Who will win the Senate?
Who would win the Senate today?
Chance of winning control
The vice president breaks ties in the Senate. is the probability of a 50-50 split in the Senate with a Democratic vice president. is the probability of a 50-50 split with a Republican vice president.
# How the odds have changed
We'll be updating our Senate forecasts every time new data is available, every day through Nov. 8.
# Who’s ahead in each Senate race
Our win probabilities come from simulating the election 20,000 times, which produces a distribution of possible outcomes for each race. Here are the expected margins of victory in each state. The closer the dot is to the center line, the tighter the race. And the wider the bar, the less certain the model is about the outcome.
80% chance outcome falls in this range
The balance of power in the next Senate
In each simulation of the Senate elections, we forecast the winner of all 34 races and note the resulting number of seats that would be held by the parties. That gives us a distribution of possible outcomes.
Our latest coverage
What the next Senate might look like
More than twice as many Republican seats are up for election this year as Democratic seats, giving Democrats more opportunities to build a majority. To win control of the chamber, they'll need to net four additional seats — if they win the presidency. Without the White House, they'll need five.
# How much each race matters
Two measures help capture how important a state and its voters will be in determining which party controls the next Senate: “Tipping-point chance” is the probability that a race will decide whether the Democrats or Republicans are in the majority. “Voter power index” is the relative likelihood that an individual voter in a state will determine the majority party.
Voter power index
Swipe for state forecasts →
How this forecast works
Nate Silver explains the methodology behind our Senate election forecast. Read more …
Democratic seat counts include two independents, Bernie Sanders of Vermont and Angus King of Maine, who caucus with the Democrats; neither is up for election this year.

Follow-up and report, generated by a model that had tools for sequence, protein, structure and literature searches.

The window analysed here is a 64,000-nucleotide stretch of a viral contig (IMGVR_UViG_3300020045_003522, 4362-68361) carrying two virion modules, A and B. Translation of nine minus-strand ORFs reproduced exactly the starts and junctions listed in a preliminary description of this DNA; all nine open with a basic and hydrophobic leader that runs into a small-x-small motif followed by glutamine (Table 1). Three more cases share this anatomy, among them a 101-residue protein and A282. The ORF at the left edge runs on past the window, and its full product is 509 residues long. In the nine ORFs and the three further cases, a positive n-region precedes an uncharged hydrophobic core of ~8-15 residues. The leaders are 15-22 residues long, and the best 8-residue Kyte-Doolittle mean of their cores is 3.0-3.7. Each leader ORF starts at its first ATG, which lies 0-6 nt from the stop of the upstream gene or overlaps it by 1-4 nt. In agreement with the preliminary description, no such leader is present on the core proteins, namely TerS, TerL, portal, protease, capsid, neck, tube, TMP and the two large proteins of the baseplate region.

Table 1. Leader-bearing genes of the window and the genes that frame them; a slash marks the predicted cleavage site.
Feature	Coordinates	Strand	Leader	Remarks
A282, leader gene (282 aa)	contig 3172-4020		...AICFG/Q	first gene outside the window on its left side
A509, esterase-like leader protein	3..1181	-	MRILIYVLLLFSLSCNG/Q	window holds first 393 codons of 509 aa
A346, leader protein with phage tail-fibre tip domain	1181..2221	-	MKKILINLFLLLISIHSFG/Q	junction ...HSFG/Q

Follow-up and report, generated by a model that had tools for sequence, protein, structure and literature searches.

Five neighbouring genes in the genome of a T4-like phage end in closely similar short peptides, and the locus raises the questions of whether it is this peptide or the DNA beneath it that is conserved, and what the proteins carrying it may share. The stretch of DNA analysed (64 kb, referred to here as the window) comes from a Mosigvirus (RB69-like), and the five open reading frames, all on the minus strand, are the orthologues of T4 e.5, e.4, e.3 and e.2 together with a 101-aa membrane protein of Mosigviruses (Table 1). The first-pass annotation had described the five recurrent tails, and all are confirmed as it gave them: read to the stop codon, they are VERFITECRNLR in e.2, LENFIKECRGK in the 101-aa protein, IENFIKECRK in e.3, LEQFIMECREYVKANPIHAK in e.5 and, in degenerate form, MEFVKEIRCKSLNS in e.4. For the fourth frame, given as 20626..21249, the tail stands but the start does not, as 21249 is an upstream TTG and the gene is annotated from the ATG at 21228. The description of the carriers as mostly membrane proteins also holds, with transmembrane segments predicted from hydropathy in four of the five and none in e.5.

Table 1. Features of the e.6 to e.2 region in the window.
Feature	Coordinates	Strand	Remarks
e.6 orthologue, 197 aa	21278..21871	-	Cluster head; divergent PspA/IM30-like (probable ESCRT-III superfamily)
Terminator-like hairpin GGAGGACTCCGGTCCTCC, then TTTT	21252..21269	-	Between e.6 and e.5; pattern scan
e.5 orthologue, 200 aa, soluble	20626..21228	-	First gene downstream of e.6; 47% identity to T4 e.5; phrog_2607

Some charts do not include California or Louisiana. California uses a "top two" primary system. In its Senate primary, on June 7, the candidates from all parties were listed on the same ballot. The top two vote-getters — both Democrats — will face each other in the general election on Nov. 8. Louisiana will hold its primary election on Nov. 8, with candidates from all parties listed on the same ballot. If one candidate gets a majority of votes, that person wins. Otherwise, the state will hold a runoff on Dec. 10 between the top two vote-getters.
Poll results aggregated from HuffPost Pollster, RealClearPolitics, polling firms and news reports.
Forecast models by Nate Silver. Research by Jennifer Kanjana and Dhrumil Mehta. Design and development by Jay Boice, Aaron Bycoffe, Matthew Conlen, Reuben Fischer-Baum, Ritchie King, Ella Koeze, Allison McCann, Andrei Scheinkman and Gus Wezerek. Illustrations by Kristina Micotti. Have thoughts on our Senate forecast? Notice any bugs or missing polls? Send us an email.
Who will win North Carolina?
Who would win North Carolina today?
Who will win Missouri?
Who would win Missouri today?
Who will win New Hampshire?
Who would win New Hampshire today?
Who will win Indiana?
Who would win Indiana today?
Who will win Pennsylvania?
Who would win Pennsylvania today?
Who will win Nevada?
Who would win Nevada today?
Who will win Florida?
Who would win Florida today?
Who will win Wisconsin?
Who would win Wisconsin today?
Who will win Kentucky?
Who would win Kentucky today?